National Cancer Registrars Association
The National Cancer Registrars Association (NCRA) is a not-for-profit association representing cancer registry professionals and Certified Tumor Registrars (CTR). NCRA's primary focus is education and certification. Worldwide, there are over 5,800 NCRA members and nearly 4,500 CTRs. NCRA provides ongoing training through various mediums including annual conferences, workshops, publications, and their continuing education credit program. NCRA's current advocacy and outreach efforts is the application for a change in the Standard Occupational Classification to the Office of Management and Budget. NCRA is a partner of the Centers for Disease Control and Prevention's National Program of Cancer Registries.
"Cancer registrars are data information specialists that capture a complete history, diagnosis, treatment, and health status for every cancer patient in the U.S. The data provide essential information to researchers, healthcare providers, and public health officials to better monitor and advance cancer treatments, conduct research, and improve cancer prevention and screening programs." These registrars have an average annual salary of $60,000.
Certified Tumor Registrars (CTR) Certification
Certified Tumor Registrars (CTR) are certified by NCRA's Council on Certification. NCRA’s Council on Certification promotes standardization in the collection and use of cancer data through examination and certification of Cancer Registrars and other cancer data specialists. The first exam was offered in 1983.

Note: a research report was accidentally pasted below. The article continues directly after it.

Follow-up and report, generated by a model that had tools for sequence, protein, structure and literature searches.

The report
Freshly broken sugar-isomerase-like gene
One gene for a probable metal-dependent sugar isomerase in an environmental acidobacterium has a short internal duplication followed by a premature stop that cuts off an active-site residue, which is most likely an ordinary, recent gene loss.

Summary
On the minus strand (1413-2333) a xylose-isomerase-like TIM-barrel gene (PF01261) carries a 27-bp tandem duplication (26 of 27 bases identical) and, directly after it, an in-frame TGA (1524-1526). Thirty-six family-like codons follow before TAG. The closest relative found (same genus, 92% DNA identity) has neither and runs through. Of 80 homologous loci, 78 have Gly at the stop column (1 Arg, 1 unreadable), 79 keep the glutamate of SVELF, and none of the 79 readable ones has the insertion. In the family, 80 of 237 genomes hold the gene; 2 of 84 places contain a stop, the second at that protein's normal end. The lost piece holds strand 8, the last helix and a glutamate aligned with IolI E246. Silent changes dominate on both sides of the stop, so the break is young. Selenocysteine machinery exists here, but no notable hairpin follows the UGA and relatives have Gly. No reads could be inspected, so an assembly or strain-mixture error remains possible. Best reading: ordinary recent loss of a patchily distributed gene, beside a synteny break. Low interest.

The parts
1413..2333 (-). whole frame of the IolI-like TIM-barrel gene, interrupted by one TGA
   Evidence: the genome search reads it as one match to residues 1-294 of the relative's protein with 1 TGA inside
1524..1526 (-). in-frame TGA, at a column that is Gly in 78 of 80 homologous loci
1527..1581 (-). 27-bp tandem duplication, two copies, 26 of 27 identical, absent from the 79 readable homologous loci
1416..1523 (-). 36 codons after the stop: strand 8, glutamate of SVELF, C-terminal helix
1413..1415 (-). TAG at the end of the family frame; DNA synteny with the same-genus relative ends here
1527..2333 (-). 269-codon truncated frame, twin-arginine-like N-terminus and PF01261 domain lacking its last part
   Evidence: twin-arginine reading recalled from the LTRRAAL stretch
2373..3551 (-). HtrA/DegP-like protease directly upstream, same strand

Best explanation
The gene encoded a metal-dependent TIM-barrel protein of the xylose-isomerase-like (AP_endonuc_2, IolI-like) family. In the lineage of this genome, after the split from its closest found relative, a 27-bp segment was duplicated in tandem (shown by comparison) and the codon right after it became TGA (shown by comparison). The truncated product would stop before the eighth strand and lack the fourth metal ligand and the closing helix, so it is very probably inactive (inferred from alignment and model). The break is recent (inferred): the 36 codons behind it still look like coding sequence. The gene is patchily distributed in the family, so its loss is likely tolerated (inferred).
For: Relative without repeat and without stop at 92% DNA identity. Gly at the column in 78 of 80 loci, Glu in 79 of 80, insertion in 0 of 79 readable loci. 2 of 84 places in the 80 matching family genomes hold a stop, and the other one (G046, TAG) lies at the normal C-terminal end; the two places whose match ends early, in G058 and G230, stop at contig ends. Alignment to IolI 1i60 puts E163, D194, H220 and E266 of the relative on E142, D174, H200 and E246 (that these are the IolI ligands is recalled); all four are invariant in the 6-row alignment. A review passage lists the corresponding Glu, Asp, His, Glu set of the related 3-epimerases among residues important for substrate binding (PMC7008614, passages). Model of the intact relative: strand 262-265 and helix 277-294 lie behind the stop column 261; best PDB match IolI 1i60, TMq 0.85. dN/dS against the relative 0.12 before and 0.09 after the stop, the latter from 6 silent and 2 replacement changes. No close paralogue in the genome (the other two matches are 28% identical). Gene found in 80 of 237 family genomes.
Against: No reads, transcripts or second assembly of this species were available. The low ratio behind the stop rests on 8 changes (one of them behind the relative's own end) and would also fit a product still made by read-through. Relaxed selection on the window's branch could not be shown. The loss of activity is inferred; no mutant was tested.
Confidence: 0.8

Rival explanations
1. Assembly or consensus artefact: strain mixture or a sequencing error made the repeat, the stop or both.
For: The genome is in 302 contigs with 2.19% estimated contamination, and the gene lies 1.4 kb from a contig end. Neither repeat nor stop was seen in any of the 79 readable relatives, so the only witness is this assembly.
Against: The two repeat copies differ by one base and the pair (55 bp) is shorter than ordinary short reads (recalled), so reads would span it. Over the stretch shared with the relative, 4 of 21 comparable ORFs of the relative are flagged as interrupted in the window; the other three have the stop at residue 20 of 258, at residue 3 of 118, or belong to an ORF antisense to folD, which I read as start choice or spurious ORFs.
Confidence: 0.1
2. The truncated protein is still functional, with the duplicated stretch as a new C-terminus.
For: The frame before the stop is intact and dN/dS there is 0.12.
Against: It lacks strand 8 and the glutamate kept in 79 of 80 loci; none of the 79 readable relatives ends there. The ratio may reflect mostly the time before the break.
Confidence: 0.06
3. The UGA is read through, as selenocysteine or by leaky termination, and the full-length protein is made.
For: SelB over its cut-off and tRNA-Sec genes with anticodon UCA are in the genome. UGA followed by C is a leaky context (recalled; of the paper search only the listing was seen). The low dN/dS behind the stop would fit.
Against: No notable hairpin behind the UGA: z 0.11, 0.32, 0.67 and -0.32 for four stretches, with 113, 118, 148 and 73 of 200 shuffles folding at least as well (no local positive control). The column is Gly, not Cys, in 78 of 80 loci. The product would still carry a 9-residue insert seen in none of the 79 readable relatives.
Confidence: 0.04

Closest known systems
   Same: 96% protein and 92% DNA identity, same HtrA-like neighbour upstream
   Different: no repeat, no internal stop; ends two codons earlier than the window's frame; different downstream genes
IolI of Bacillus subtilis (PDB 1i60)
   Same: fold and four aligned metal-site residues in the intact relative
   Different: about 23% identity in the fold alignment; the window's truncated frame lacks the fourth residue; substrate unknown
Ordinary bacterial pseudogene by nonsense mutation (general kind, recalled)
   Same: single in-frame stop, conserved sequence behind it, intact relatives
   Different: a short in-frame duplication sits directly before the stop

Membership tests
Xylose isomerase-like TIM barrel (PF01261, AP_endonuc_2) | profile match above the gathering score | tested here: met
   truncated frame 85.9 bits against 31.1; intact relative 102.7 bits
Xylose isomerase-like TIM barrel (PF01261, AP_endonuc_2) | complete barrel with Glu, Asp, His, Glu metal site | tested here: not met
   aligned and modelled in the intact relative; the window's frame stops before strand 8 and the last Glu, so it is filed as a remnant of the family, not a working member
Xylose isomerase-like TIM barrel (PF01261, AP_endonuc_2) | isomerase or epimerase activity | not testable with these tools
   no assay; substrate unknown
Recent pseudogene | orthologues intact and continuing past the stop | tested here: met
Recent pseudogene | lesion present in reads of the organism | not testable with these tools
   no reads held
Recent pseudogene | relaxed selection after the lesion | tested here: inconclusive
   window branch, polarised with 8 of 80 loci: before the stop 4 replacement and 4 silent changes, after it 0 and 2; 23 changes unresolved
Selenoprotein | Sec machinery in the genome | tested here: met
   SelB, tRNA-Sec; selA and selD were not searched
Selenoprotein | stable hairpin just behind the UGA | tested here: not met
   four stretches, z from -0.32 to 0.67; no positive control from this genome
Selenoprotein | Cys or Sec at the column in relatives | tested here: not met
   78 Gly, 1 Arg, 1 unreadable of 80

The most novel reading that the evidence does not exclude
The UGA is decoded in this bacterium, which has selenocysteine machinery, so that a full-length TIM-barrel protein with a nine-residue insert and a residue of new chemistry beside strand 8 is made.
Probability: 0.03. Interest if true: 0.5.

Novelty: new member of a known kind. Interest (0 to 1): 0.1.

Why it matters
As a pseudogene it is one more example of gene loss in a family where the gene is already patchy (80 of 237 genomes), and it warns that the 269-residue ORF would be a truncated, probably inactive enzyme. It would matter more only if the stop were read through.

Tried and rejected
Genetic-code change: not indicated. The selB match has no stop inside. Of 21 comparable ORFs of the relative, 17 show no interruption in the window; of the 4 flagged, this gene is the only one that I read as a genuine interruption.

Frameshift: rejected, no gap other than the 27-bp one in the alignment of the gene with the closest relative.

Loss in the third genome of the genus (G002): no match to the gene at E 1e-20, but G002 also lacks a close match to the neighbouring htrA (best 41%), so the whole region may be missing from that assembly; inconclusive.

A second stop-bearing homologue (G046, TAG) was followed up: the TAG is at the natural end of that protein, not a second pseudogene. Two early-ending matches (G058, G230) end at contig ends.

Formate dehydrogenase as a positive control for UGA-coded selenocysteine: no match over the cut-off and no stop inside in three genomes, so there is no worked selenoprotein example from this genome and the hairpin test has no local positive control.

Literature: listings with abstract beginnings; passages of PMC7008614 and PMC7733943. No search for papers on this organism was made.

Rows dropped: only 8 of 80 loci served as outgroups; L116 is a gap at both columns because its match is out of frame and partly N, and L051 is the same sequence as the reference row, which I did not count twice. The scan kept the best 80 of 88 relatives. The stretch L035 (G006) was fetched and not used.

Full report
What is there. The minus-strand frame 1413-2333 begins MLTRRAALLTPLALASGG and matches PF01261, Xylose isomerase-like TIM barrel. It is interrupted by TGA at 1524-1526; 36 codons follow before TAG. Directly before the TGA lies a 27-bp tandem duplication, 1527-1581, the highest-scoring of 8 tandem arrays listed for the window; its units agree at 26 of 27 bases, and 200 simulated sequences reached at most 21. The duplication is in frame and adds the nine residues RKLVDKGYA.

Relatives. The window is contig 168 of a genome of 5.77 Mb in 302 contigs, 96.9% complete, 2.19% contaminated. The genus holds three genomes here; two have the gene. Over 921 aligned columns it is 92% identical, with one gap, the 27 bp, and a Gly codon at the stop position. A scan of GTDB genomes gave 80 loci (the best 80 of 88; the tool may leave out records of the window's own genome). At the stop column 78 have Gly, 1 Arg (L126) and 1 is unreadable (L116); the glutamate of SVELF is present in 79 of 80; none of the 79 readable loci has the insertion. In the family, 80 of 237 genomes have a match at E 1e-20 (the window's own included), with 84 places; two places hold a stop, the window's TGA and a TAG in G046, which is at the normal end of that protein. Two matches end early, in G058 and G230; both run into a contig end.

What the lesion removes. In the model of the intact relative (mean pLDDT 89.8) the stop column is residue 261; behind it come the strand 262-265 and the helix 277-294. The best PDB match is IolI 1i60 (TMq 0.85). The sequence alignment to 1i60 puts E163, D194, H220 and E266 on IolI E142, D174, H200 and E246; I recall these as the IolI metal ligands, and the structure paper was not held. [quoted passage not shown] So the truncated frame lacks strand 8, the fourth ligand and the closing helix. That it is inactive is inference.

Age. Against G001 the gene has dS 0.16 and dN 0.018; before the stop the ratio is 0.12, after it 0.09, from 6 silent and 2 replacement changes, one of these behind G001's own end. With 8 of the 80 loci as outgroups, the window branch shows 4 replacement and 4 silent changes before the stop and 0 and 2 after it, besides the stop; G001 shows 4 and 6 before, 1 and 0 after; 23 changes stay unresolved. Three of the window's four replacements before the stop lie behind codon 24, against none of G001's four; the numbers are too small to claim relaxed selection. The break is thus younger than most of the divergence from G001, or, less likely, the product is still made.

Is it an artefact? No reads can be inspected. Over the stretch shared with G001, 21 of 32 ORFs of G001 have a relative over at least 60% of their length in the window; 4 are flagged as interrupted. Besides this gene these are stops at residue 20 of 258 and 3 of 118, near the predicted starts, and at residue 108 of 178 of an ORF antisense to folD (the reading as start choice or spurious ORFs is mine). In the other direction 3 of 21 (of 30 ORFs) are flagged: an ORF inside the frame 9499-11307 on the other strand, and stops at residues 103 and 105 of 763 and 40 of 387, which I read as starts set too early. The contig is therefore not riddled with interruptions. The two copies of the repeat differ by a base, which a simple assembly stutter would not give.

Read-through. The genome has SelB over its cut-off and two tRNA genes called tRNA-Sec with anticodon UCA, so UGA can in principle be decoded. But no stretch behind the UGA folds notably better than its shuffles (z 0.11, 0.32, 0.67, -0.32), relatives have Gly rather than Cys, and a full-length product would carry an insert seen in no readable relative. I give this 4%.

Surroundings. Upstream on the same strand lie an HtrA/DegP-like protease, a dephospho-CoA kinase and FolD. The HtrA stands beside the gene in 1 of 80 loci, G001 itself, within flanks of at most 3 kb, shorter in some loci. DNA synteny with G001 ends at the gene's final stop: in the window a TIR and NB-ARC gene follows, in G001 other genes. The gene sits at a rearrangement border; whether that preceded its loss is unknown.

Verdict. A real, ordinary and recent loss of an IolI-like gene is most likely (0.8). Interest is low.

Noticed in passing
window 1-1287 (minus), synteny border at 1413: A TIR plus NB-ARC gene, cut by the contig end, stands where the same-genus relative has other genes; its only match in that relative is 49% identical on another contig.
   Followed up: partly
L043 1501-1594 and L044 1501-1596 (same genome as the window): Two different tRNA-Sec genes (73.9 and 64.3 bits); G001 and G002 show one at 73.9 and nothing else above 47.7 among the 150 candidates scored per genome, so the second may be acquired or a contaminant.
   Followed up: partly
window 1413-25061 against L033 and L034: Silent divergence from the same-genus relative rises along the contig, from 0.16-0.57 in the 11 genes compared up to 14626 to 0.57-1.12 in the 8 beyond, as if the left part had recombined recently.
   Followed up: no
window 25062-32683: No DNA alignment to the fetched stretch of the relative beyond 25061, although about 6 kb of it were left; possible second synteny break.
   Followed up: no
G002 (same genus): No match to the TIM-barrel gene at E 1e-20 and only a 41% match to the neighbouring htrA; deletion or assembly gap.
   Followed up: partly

The AHIMA Cancer Registry Management Program (CRM) helps prepare for the CTR certification. It is a web-based program which assists in gaining the following skills:
- Accurately abstract health information into a cancer registry to allow for uniform data collection
- Manage an effective cancer registry program at a local, state or national level
- Produce cancer related information to assist healthcare providers in patient care and research
- Provide information for cancer prevention activities
Standard Occupational Classification
On July 21, 2014, The National Cancer Registrars Association submitted a proposal for a new occupation code for Medical Registrars. The reasoning behind this proposal is because the duties and tasks of actual registrars are more advanced than what the current code and description states. Currently, medical registrars are classified as SOC 29-2071 Medical Records and Health Information Technicians. If this code was to change the occupation's statistics would be improved and provide a clearer understanding of workforce needs so they do not get confused with other occupations like medical coders. The SOC is revised every ten years, and the revision is a multi-year process.
NCRA was established in 1974. The first CTR exam was offered in 1983, and in 2003 NCRA took over the exam when it used to be administrated by the National Board for Certification of Registrars.